Community members in Compton held a press conference last week, demanding that Isaac Galvan resign from his role as District 2 City Councilman, and that District Attorney George Gascon overturn the election results.
On August 13, the Los Angeles D.A’s office announced Galvan and five others were being charged with conspiracy to commit election fraud.
Upset community members want Galvan’s seat to go to Andre Spicer, also known as “Hub City Dre,” a local businessman and founder of Hub City Radio.
Galvan won the run-off against Spicer by one vote, 855-854.
“I am absolutely disgusted,” said Tene Muhammad. She handles the daily operations of Hub City Radio and is a close confidant of Spicer’s.
Muhammad says the charges against Galvan do not come as a surprise. During the election, T and others tried bringing the concerns of voter fraud along with documentation, to the proper channels.
“I hope to see Galvan prosecuted. I want to see the current City Council put Andre in that seat because he deserves it,” Muhammad expressed. “We said there was cheating going on but the system was slow to address what we brought to their attention.”
According to the criminal complaint, Galvan tried to bribe a registrar employee who was counting ballots on election night. In addition, four of those charged with Galvan were registered to vote at his home, although they did not live at his residence.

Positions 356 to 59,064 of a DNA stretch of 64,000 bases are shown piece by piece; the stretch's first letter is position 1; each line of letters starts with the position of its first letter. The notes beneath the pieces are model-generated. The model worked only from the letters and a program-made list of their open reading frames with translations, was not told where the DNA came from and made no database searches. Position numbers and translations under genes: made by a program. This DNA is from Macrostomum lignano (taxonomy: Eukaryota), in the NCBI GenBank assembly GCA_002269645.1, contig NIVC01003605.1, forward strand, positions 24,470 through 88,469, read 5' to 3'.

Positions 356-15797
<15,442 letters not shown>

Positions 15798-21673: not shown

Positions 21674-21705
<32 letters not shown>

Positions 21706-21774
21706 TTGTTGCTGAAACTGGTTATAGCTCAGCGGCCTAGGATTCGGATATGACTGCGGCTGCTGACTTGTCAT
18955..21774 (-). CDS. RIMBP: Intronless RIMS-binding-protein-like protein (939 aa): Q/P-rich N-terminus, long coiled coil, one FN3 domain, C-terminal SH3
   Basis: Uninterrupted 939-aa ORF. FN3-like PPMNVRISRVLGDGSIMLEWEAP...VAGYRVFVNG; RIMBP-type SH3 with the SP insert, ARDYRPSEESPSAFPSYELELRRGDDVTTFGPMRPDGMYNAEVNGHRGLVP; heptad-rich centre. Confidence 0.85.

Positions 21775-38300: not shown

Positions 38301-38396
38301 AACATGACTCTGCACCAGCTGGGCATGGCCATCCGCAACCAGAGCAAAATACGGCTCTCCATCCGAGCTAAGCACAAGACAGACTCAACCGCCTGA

“There is so much that goes on in Compton that doesn’t get talked about on a larger scale,” said Jasmine Gates. Gates was one of the community members who showed up Friday morning at the Compton Courthouse.
In 2017, former Deputy Treasurer Salvador Galvan pleaded guilty to stealing more than $3.7 million of Compton city funds.
“People are coming out to vote more, I just hope we can gut out this negative behavior as it relates to politics in Compton,” Gates continued. “So that Compton can really be run like our neighboring cities.”
Moving forward, Gates says the community has to keep showing up and applying pressure to ensure that the investigation against Galvan is substantial.
“He was already being investigated to the point where he could not campaign and he won without even campaigning,” Gates shared. “A lot of these systems need to be changed and reimagined.”
Earlier this year, Compton’s then Mayor Aja Brown, announced she would not be running for re-election. Brown endorsed her seat to 26-year-old Christian Reynaga, who would have been Compton’s first Latino Mayor.
Reynaga lost the race to Emma Sharif, who was first elected to represent District 4 on Compton’s City Council in 2015.
“The hurtful part is not having enough public outcry,” says Aly Rivers, who worked as Spicer’s campaign manager for the 2020 election.
“A lot of people just look at this as typical Compton stuff, but at what point are we going to say, not in my city anymore? They only get away with what we allow. They are only in these roles because of us.”
Rivers says they currently have a lawyer and are in court challenging the legitimacy of the election.
“The fact the D.A is filing charges just makes our case even better. We knew we had strong evidence and now we know the D.A is pressing the line,” said Rivers.